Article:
Turkey’s most successful side was banned from European competitions during the 2016-2017 season for previous offences.
This period of enhanced oversight has seen the clubs that took their positions at the top of the table for granted drop down the pecking order with just Trabzonspor and Galatasaray currently in the top five.
Besiktas lie seventh while 19-time champions Fenerbahce are just one spot of the bottom with threats of relegation for the first time.
At the top of the table, six points clear of Trabzonspor, sit Basaksehir, a club founded in 1990 as the team of the Istanbul municipality.
They were promoted to the Super Lig for the first time in 2007 and recently competed in the Europa League.
The club’s management points to its status as a joint-stock company to explain its success as well as its ability to scout young Turkish players such as Cengiz Under, now a hot talent at Roma.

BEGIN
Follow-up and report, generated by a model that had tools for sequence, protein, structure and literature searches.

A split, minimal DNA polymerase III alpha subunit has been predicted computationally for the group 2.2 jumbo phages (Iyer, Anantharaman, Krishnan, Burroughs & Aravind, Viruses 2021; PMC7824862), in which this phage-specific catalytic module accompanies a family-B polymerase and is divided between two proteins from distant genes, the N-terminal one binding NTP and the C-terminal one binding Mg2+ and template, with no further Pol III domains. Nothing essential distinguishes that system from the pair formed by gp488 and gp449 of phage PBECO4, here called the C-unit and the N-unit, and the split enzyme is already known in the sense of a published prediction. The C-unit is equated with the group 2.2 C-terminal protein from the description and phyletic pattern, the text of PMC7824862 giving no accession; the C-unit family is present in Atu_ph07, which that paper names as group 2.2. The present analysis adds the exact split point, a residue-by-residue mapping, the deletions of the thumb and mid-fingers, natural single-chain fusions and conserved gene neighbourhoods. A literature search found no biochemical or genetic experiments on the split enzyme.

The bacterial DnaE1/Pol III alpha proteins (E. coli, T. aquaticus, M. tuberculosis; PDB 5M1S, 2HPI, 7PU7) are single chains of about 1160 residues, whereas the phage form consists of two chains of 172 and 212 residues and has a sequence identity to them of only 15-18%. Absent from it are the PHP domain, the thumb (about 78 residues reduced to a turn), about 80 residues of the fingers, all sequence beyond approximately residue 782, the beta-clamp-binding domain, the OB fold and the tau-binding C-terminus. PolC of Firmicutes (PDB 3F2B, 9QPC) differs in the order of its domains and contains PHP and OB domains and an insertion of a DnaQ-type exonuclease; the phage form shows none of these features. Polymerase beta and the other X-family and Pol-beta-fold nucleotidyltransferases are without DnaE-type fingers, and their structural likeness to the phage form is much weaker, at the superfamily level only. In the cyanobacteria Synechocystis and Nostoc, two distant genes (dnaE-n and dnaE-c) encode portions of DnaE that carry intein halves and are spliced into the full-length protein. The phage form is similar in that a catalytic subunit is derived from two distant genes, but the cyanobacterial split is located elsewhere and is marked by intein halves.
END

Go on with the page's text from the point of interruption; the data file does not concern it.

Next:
Its detractors, however, point to ties to the ruling Justice and Development Party (AKP), saying sponsorship by public companies has enabled Basaksehir to retain foreign players such as former Arsenal and Manchester City duo Emmanuel Adebayor and Gael Clichy and Brazilian Robinho despite drawing crowds of just a few thousand.
|Many remain unconvinced that anything will change unless the clubs are overhauled [Murad Sezer/Reuters]|
Club President Goksel Gumusdag is linked by marriage to the family of Turkish President Recep Tayyip Erdogan, himself a former semi-professional footballer who played in a match to mark the opening of Basaksehir’s new stadium in 2014.
“The current ruling party wants new clubs to reflect its New Turkey ideal but these clubs don’t have a supporter base,” Halicioglu said. “They have small capacity stadiums that they can’t fill.”